Hubble Space Telescope Detected A New Moon In The Solar System
NASA/ESA's Hubble Space Telescope has detected and identified a new moon encircling the third largest dwarf planet known as 2007 OR10 in the Solar System. The said dwarf planet is known as a trans-Neptunian object (TN0) and previously thought as a dwarf planet with no moon.
On the other hand, the scientists have started to think that the dwarf planet might have the moon because it was rotating gradually than the usual as seen through Kepler Space Telescope. This indicates that the moon may be pulling it and decelerating its spin. They found that 2007 OR10 rotated about 45 hours to complete one rotation, which is not usual from the normal rotating hours of about less than 24 hours, according to the Verge.
Then, the scientists looked at the images captured by the Hubble Space Telescope. They found that there is the moon in the pictures of the dwarf planet 2007 OR10 through the observations in 2009 and 2010. At first, the moon had not been noticed.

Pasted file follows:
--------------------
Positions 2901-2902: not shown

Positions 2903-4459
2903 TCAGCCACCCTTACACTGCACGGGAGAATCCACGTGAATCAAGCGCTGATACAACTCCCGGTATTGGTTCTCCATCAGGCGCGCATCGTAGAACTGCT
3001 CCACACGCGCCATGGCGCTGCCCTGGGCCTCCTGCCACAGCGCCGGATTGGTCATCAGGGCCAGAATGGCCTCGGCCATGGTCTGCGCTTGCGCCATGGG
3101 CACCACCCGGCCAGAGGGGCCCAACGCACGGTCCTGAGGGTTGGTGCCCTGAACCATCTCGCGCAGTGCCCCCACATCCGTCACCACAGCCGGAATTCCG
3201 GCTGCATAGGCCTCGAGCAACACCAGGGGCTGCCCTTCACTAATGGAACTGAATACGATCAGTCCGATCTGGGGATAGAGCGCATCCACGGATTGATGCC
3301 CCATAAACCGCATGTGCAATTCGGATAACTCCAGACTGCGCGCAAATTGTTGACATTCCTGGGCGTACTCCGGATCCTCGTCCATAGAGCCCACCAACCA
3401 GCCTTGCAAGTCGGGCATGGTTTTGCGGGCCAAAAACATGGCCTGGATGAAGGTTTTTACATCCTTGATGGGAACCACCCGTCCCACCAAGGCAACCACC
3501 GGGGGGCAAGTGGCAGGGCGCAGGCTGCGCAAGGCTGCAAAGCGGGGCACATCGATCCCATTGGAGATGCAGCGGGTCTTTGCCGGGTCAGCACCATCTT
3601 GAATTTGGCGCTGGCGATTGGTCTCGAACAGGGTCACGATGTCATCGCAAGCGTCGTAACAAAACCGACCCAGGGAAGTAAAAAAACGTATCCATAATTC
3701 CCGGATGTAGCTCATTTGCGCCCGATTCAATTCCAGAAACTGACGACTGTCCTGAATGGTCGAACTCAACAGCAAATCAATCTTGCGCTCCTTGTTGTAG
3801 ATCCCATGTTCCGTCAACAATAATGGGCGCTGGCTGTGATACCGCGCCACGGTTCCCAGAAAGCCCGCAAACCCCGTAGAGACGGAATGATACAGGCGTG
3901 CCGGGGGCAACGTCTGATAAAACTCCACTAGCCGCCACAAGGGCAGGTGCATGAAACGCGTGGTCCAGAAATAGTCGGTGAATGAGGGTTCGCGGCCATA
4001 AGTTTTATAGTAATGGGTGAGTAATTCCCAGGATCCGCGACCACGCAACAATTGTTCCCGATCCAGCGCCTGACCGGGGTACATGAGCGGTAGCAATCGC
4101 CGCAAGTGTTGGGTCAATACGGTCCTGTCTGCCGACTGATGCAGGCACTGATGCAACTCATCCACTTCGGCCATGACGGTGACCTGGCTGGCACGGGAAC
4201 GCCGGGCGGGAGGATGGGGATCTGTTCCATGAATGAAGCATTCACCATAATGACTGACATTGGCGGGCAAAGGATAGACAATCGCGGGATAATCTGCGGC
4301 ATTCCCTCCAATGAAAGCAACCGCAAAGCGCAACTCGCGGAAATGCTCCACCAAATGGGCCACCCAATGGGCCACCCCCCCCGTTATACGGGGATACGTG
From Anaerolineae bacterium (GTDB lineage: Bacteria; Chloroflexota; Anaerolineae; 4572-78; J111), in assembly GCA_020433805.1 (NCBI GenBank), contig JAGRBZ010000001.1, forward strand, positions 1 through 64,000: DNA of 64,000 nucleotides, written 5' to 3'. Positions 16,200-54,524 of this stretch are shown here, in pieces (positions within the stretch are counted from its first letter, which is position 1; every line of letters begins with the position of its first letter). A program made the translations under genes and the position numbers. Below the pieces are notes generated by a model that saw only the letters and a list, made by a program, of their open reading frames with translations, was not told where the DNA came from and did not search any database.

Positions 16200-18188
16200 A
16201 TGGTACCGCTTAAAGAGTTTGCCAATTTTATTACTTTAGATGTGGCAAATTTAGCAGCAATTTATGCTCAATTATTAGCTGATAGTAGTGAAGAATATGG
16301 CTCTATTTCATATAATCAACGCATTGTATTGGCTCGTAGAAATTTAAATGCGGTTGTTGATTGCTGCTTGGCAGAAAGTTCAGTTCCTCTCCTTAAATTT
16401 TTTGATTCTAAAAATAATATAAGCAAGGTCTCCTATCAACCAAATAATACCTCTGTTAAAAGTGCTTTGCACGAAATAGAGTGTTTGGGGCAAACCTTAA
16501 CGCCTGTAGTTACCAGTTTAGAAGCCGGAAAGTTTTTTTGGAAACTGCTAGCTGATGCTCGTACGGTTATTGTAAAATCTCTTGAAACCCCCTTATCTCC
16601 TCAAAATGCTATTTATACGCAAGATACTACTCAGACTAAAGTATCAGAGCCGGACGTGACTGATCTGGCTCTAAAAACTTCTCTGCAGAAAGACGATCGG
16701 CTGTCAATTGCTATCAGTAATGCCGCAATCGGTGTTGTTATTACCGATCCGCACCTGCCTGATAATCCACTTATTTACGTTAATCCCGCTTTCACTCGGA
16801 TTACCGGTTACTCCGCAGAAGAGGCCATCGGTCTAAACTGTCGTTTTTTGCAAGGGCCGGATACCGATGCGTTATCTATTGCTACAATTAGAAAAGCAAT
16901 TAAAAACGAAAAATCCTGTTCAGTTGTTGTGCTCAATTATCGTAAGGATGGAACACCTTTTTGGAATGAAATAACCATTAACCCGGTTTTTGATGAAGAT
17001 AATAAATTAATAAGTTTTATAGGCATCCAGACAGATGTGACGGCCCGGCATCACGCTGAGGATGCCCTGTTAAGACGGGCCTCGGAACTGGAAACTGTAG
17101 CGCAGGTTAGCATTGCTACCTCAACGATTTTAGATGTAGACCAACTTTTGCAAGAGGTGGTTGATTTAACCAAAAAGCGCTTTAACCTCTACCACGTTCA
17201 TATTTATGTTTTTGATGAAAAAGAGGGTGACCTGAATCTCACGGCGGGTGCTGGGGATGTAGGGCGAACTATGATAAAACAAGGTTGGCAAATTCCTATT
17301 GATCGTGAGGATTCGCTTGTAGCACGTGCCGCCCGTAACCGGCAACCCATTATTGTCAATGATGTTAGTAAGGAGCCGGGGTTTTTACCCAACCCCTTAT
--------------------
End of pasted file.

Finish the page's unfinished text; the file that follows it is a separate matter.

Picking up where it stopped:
Csaba Kiss, the astronomer at Konkoly Observatory in Budapest and the lead author of the study, said that the initial investigator missed the moon in the Hubble images because it is very faint. Then, they utilized past heat measurements of the dwarf planet that were taken by the Herschel Space Observatory. The scientists were able to gauge its diameter about 150 miles to 250 miles.
The team concluded that that the planet and its moon are in the Kuiper Belt, which a realm of freezing leftovers developed by the shaping of the solar system dated 4.6 billion years ago. They confirmed that most of the dwarf planets in the Kuiper Belt that are bigger than 600 miles across have companions. The discovery of this lunar satellite could help in understanding the developments of the moons in the young solar systems, according to TeCake.